If you have watched the footage from Homs, Syria this week, you cannot help feel that you have been a witness to a serious crime. By unleashing a months-long barrage using the most crippling weapons, Bashar al-Assad has killed and maimed hundreds of families, children and citizens, and has turned an internal struggle into a global atrocity.
Our rage and horror produce two responses. On one hand, we wish Mr. Assad would disappear: Fled, unseated, defeated or killed, whatever it takes to make the killing stop. This is the political approach. On the other, we want to see him pay for his crimes. This is the legal approach. If only there were a white-suited sheriff who could read him his rights and bring him to trial.
Making the Syrian dictator disappear will not be easy, as we saw at Friday’s failed summit in Tunis. But, we remind ourselves, there is a man in a white suit.
His name is Luis Moreno Ocampo, the Argentinean jurist who is the chief prosecutor of the International Criminal Court. Mr. Ocampo, in almost a decade running the world’s first permanent international court, has made himself known for his sudden arrival by helicopter, surrounded by TV cameras, in conflict zones. And for his big, ambitious claims: that Saif Gadhafi, son of the late Libyan dictator, “will face justice, that’s his destiny,” months after announcing incorrectly that Mr. Gadhafi had been captured, or that Sudanese President Omar al-Bashir would soon be brought to justice for the Darfur slaughter.
This should be the ICC’s moment. It now has its first head of state, Laurent Gbagbo of the Ivory Coast, behind bars in The Hague; his trial will start later this year. The case involving the court’s first arrest, made in 2006 against Congolese warlord Thomas Lubanga Dyilo, is likely to reach a verdict soon.
But it is impossible to see the ICC as a serious solution, and even though there have been some calls to get it involved in Syria, few believe it would help, and it might make things worse. The court is no longer seen as a major international force, in good part because of Mr. Ocampo.
One problem is that Mr. Ocampo’s desire to be seen threatening leaders with trials runs the risk of keeping those leaders in power longer. “If figures in the Syrian leadership were to be under investigation by the ICC, they might be less willing to cede power,” writes American legal scholar John Quigley. “The Syrian opposition might well oppose ICC action, as an ICC investigation might keep them from getting the voluntary departure of the top leadership.” This was certainly the case with Robert Mugabe and his generals, and is suspected elsewhere.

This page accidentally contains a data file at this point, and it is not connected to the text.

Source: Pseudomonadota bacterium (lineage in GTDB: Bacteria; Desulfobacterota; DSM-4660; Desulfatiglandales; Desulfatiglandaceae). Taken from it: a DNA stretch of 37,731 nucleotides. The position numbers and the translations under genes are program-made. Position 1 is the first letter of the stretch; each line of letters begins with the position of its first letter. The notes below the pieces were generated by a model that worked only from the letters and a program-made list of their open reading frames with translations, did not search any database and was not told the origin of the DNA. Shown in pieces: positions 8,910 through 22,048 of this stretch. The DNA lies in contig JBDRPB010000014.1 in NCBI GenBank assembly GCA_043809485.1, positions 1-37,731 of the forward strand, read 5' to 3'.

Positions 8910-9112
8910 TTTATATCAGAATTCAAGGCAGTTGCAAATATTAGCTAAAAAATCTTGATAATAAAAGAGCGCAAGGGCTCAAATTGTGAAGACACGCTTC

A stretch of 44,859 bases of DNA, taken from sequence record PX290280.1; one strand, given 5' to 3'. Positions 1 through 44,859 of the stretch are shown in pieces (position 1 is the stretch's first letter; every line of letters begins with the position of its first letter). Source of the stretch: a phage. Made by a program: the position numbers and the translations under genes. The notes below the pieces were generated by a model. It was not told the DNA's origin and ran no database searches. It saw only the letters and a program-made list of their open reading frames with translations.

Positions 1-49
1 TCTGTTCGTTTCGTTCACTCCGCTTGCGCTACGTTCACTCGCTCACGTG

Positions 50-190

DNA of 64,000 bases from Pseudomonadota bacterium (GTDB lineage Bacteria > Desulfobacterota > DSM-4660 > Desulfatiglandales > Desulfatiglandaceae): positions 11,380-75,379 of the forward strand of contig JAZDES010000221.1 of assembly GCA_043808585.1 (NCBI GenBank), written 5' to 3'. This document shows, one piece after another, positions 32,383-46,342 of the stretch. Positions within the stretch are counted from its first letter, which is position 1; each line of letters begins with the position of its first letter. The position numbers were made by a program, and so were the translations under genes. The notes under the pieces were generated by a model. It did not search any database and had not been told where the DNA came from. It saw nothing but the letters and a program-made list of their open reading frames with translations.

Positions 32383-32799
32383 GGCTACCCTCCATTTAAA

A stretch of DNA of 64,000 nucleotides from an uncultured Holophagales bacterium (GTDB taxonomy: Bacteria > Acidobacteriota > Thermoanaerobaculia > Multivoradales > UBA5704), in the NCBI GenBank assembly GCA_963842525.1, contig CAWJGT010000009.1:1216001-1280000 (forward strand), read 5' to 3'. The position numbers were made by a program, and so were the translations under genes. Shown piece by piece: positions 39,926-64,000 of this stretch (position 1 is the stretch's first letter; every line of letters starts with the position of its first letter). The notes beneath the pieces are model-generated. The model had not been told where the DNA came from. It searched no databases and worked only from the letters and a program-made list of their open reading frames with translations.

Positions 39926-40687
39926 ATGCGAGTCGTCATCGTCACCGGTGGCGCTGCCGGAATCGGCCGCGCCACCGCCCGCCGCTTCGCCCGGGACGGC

But the larger problem is that Mr. Ocampo has made his court’s legal process part of the political process. If countries aren’t signatories to the ICC’s treaty (and most, including Syria, aren’t), then the only route to justice is for the United Nations Security Council to refer them to the court. That’s what happened last year in Libya.
It quickly became apparent, however, that the superpowers on the Security Council (who aren’t ICC signatories themselves) were using the court’s investigation to marginalize Moammar Gadhafi and clear the way for a military solution; there was no real interest in bringing him to The Hague. “There is a largely untold story about how the ICC has been getting closer and closer to the power politics of the UN Security Council by accepting its referrals, which are politically tailored,” says Mark Kersten, a researcher into international-law politics at the London School of Economics.
That’s a serious problem, because the court is widely viewed in the developing world as an instrument of Western intervention in Africa. Indeed, all 22 cases currently before the court have involved African states, despite atrocities elsewhere. Mr. Ocampo’s image as a white-suited outsider, tied to the superpowers, has poisoned the idea of international justice and made it seem like a crusade. Mr. Kersten, researching the court’s work in northern Uganda, found that “many thought the ICC was a man.” Unfortunately, they weren’t all that wrong.
Crimes against humanity are increasingly rare. That is because of better politics and economics, not because international justice serves as a deterrent. It has an important role in bringing lethal disputes to a close and preventing vengeance, but is not an instrument of rescue or prevention.
Later this year Mr. Ocampo will be replaced by Fatou Bensouda, a Gambian lawyer known for her firm but professional approach. We can hope that she will put an end to the ICC’s age of heroism.